Besides something had to be done, Abbott seemed to be saying, flanked by several members of his COVID-19 strike force. Too many people are filing for unemployment (nearly 2 million in Texas). About 1,100 National Guard, he pointed out, are helping distribute food at area food banks, which continue to see an alarming increase in need. Abbott acknowledged the danger of reopening businesses too quickly and agreed they’re obviously playing with fire. He mentioned places like Hong Kong and Singapore, which have been experiencing a COVID-19 resurgence after restrictions were lifted. 

“We are not going to open up and hope for the best,” Abbott said. “We’re going to find ways to open them while containing the virus.” 

Yet, Abbott felt strongly that nonessential businesses would be able to operate and still contain the spread of COVID-19 if they adhere to certain doctor-recommended requirements under his Open Texas plan. The doctors, he said, were the ones who recommended they open the Texas economy in phases instead of allowing businesses to all reopen at once. 

Every move his strike force is making to reopen the Texas economy, he reiterated, is advised by medical professionals and considered with the public’s safety in mind.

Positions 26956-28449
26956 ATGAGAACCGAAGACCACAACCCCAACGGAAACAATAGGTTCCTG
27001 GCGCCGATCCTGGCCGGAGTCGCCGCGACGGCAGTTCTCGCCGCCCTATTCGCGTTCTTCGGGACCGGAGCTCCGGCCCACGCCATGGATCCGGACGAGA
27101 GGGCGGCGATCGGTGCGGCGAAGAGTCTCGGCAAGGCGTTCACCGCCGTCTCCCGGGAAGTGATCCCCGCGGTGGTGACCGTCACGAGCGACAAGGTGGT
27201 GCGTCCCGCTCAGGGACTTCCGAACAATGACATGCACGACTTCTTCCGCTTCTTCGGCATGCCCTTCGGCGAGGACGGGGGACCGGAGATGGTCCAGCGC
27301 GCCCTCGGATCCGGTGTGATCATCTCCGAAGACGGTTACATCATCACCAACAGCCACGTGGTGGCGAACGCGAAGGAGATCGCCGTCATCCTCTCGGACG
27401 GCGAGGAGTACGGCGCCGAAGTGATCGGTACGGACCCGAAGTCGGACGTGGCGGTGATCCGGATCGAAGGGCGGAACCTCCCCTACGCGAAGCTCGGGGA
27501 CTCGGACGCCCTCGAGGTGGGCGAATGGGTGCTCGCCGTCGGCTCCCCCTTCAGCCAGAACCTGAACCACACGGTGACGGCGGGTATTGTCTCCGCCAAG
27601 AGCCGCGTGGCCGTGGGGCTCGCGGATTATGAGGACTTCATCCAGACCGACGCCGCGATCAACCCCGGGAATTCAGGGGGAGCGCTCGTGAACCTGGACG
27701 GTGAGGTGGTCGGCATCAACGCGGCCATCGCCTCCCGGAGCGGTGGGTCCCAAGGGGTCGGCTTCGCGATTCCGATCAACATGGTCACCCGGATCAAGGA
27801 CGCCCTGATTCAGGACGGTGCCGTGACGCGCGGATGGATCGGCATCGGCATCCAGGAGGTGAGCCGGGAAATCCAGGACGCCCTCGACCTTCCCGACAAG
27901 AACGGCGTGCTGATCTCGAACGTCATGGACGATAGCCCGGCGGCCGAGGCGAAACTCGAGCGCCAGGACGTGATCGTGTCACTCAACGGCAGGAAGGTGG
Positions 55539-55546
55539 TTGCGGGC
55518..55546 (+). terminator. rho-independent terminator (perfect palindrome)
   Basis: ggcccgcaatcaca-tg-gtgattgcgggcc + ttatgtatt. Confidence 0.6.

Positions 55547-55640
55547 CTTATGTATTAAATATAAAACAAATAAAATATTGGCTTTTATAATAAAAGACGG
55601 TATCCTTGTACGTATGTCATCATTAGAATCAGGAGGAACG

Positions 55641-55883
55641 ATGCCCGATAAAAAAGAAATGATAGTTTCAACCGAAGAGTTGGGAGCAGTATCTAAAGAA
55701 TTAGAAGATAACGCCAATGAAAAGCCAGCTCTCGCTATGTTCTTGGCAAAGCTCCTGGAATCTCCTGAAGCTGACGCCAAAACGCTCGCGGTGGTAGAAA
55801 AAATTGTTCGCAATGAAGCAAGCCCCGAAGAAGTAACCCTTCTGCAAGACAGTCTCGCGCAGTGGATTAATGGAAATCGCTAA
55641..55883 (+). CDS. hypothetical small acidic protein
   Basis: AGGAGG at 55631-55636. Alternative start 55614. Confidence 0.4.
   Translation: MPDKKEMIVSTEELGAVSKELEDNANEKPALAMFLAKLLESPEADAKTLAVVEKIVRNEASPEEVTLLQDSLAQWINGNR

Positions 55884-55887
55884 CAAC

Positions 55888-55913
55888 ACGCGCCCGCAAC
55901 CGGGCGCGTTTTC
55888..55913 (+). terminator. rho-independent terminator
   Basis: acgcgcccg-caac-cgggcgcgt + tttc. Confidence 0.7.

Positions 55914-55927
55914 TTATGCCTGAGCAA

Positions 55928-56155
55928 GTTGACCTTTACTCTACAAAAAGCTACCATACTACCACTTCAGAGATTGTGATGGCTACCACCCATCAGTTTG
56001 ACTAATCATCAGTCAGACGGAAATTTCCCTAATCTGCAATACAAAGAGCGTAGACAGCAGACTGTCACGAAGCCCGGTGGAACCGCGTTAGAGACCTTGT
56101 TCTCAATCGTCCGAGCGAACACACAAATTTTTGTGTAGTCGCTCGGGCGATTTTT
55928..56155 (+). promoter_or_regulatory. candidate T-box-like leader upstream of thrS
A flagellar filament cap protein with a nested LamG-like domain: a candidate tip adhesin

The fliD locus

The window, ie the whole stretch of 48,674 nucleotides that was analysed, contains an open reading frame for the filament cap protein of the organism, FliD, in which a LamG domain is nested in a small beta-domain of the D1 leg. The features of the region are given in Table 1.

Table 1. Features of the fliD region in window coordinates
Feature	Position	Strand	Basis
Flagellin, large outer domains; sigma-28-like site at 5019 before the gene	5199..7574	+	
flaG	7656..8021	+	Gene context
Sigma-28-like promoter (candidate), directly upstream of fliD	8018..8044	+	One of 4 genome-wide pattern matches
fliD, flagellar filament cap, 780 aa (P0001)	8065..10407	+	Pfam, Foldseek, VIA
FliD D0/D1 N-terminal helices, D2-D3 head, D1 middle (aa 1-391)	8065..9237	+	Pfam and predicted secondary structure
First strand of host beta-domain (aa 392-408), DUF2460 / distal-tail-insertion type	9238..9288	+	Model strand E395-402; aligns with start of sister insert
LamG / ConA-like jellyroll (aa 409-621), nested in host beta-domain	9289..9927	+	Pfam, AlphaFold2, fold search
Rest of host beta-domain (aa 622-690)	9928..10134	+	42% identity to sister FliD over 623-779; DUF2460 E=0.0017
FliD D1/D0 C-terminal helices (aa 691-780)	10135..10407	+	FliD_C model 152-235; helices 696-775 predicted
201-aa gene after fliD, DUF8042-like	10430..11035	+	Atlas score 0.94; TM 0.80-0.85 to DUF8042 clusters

Abbott used essential businesses as an example of how businesses could operate under phase one of his plan. Auto repair shops, pet shops, banks, grocery stores, and other businesses have all been operating with COVID-19 spreading in the community, yet officials still have been able to contain it and see a decrease in its spread. This was possible, he said, because they had limited capacity and implemented coronavirus safety guidelines like social distancing.

Under phase one of Abbott’s plan, which begins Friday and lasts two weeks, businesses will be allowed to open if they limit capacity to 25 percent and follow these same guidelines. Phase 2 is projected to take effect May 18 and will expand allowed capacity to 50 percent.

Abbott, of course, cautioned that they need two weeks of data that show no flare ups before they can move on to the next phase.  

“That is why,” he said, “now more than ever Texans must continue safe distancing practices.”

Moving into phase one requires Texans to protect what Abbott called “the most important element”: the vulnerable population.